The New York Conservative Party's Twitter account was suspended and then lifted on Thursday, a development that sparked an outcry from Republican lawmakers in the state Senate and Assembly.
The Twitter account was down for at least several weeks; it's last tweet prior to the outage was in July 9.
But the incident goes to the heart of a long-standing argument for many on the right: Social media platforms have outsize power over political speech.
“The blatant political bias being exhibited by Twitter and its executives is absolutely inexcusable," said Assembly Minority Leader Will Barclay before the suspension was lifted. "Arbitrarily suspending the account of the New York Conservative Party – precisely at a time when connecting to voters is most important – violates the basic principles of free speech. This discriminatory suspension has gone on long enough and must be reversed immediately."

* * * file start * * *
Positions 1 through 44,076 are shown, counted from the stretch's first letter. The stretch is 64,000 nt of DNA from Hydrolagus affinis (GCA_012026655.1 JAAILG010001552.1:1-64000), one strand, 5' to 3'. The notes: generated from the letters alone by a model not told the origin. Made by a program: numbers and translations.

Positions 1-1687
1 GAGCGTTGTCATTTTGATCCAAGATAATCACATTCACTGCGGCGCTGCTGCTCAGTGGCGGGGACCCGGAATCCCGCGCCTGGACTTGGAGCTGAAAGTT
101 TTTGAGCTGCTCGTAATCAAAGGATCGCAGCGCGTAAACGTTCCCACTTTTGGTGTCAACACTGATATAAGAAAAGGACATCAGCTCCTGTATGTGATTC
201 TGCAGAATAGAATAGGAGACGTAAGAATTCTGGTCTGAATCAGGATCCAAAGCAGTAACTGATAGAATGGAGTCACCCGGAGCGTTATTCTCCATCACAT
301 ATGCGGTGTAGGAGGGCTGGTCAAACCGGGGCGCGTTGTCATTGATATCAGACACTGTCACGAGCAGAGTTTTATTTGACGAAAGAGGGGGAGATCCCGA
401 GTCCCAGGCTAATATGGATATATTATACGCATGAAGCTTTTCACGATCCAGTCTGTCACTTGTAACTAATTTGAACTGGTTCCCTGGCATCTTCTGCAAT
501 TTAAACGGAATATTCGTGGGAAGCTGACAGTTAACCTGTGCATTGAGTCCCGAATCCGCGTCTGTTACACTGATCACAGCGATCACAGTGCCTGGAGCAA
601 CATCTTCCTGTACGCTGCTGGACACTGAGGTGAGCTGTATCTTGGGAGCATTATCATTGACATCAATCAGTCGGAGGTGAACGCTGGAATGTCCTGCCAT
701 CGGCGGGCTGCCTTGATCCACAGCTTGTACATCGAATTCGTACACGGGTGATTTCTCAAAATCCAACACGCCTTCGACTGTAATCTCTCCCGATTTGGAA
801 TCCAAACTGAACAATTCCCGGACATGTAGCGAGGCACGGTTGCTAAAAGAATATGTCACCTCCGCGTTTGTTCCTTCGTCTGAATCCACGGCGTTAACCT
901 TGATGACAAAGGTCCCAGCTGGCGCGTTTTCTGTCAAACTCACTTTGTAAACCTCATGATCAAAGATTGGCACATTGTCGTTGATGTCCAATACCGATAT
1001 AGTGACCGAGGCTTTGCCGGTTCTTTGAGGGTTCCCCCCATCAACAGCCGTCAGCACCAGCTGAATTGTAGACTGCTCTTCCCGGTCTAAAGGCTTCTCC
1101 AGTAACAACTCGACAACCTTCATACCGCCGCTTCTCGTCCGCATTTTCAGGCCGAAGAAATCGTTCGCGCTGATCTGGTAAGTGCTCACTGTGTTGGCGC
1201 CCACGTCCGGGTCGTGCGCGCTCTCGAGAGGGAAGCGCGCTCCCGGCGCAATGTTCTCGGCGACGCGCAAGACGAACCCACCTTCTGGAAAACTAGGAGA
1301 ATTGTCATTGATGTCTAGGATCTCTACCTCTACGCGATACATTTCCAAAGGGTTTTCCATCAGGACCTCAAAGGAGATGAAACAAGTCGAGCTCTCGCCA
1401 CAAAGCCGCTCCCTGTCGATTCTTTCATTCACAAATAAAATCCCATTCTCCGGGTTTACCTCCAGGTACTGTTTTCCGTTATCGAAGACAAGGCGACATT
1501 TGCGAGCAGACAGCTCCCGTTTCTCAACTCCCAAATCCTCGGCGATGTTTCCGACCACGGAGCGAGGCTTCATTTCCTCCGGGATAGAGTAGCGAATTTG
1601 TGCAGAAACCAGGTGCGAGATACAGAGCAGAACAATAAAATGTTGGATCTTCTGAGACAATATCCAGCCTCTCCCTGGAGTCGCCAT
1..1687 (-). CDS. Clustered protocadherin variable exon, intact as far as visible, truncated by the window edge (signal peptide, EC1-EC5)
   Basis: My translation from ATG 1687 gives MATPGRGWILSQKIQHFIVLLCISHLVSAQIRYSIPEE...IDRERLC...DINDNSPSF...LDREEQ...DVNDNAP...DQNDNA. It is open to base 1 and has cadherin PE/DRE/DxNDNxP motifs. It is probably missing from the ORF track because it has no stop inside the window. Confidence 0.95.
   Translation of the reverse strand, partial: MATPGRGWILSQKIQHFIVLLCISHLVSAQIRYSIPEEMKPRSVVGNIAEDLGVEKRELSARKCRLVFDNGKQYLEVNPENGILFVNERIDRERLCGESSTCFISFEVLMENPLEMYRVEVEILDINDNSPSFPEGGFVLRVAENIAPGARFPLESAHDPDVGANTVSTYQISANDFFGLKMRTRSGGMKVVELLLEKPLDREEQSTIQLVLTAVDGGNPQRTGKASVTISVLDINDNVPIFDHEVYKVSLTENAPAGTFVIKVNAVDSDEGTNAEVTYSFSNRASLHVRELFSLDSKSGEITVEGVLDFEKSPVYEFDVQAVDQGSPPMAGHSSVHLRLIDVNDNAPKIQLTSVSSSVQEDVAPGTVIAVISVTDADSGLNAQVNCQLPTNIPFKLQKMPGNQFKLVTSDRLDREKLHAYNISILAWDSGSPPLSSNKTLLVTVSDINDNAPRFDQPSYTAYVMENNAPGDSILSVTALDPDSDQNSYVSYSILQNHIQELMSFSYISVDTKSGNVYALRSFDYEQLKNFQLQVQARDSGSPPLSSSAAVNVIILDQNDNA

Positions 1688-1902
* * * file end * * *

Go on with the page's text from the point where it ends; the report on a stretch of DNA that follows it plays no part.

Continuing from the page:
Social media companies have tried to chart an at-times bumpy obstacle course of curtailing hate speech on their platforms while also encouraging a broad user base.
The Conservative Party's Twitter presence is a relatively modest one. Prior to its suspension, the account was retweeting Rep. Elise Stefanik several times and had tweeted criticism of Gov. Andrew Cuomo's handling of the coronavirus pandemic.